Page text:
Is A Gigging Life An Unstable One?

Forbes

A few years ago, the financial services giant Prudential released a report looking at the financial security of people working in the gig economy. It found that not only are gig workers in the US earning around 58% of what those in full-time jobs earn, they miss out on the employer-sponsored benefits such as healthcare and pension policies. All of which doesn't necessarily mean that gig work is inherently bad.  After all, research from Villanova University found that gig workers were happier than most other forms of worker, due in large part to the autonomy and flexibility mentioned previously.

Trump's World Bank pick

BBC Weekend

Donald Trump’s pick for the World Bank presidency, David Malpass, has officially been approved for the role. Mr. Malpass, a Trump loyalist, was a senior economic advisor to the U.S. president during his 2016 election campaign. I’ve been speaking to professor Christopher Kilby, an expert on the economics of foreign aid at Villanova University, near Philadelphia.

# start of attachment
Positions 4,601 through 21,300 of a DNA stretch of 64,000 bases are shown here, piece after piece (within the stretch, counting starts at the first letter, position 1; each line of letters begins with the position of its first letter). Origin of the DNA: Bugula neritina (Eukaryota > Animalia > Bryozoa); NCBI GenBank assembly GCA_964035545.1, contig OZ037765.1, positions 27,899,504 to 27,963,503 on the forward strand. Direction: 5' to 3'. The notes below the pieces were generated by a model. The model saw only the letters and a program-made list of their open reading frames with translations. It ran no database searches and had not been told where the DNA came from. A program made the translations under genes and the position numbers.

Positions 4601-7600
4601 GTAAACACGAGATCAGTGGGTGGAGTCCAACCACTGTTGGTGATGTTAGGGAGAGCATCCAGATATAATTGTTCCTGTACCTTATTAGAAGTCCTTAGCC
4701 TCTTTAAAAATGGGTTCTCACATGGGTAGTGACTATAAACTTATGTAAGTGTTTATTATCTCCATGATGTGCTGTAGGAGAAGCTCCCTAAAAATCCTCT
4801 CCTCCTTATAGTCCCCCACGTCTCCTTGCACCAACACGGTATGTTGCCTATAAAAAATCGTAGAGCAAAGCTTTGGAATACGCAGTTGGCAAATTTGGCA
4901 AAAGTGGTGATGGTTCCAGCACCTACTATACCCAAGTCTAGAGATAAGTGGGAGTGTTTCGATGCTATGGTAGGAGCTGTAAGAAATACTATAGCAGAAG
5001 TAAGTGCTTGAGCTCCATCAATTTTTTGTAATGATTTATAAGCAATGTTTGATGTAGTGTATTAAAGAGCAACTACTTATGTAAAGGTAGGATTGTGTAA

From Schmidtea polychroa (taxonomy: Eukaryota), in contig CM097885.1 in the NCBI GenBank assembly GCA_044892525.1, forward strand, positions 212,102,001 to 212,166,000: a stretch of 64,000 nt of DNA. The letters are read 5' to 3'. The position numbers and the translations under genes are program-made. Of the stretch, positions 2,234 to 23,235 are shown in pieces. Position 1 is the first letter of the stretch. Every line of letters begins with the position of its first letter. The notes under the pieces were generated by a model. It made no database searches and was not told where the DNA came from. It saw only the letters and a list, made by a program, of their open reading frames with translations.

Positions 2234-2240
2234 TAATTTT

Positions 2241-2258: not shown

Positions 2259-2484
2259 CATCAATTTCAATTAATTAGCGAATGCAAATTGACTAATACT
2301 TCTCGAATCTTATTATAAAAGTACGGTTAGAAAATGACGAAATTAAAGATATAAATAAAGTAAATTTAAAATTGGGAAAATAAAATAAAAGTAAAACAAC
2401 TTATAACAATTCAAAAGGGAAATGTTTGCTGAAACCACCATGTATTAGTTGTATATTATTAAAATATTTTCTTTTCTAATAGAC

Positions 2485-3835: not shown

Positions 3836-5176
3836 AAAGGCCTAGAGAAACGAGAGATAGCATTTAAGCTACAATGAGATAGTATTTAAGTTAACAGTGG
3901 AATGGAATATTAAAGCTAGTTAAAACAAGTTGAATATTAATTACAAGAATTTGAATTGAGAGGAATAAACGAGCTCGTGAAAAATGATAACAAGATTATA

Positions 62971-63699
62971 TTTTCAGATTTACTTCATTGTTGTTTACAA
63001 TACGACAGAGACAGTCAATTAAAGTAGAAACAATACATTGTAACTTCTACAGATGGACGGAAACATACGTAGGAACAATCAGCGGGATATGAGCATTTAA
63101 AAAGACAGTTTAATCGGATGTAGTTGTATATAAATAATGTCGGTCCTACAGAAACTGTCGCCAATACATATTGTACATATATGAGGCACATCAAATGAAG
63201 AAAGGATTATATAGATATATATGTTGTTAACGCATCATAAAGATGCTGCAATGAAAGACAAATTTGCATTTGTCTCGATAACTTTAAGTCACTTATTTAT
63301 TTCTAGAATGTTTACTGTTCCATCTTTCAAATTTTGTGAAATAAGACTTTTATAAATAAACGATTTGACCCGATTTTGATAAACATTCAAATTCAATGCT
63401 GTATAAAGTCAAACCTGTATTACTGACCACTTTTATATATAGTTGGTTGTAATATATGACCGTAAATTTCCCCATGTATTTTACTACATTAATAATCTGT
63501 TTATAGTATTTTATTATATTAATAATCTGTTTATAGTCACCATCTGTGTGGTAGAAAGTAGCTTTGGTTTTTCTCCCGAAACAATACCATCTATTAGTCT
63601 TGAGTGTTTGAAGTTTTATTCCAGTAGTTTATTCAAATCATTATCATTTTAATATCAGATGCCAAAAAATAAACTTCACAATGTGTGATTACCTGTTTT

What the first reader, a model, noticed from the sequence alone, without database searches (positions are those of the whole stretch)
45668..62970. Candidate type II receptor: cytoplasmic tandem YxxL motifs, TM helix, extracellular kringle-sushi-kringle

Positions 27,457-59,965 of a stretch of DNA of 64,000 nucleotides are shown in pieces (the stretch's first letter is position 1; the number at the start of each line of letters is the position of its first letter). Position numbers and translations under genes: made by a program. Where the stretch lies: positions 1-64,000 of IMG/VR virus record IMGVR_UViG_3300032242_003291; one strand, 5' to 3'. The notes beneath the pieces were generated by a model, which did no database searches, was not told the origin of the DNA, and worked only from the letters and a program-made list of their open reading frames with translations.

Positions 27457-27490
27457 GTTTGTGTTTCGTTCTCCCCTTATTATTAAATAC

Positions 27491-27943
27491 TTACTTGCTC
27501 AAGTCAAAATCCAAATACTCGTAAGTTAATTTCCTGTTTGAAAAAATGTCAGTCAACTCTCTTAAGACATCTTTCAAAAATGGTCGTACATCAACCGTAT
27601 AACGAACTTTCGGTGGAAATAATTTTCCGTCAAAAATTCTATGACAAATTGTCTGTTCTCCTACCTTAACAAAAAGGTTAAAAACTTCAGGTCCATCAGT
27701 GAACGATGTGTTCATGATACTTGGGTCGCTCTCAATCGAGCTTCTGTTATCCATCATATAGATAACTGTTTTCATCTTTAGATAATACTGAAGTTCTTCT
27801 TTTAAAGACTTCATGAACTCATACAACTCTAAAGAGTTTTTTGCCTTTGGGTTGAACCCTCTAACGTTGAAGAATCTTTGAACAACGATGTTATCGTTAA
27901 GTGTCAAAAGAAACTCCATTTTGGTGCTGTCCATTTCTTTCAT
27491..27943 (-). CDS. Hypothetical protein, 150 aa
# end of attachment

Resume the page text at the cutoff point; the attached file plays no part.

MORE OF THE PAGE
Retired Pope Benedict wades into clergy sex abuse debate

The Associated Press

Retired Pope Benedict XVI has published an analysis on the Catholic Church’s clergy sex abuse scandal, blaming it on the sexual revolution of the 1960s and church laws that protected priests. The essay immediately raised eyebrows, seeming to interfere with or even contradict Pope Francis’ own efforts to confront one of the most critical issues facing the church. Villanova University theologian Massimo Faggioli said the essay was thin in its analysis by effectively attributing the scandal to the sexual revolution. He said it omitted key cases, such as the Legion of Christ founder’s pedophilia, which began well before then.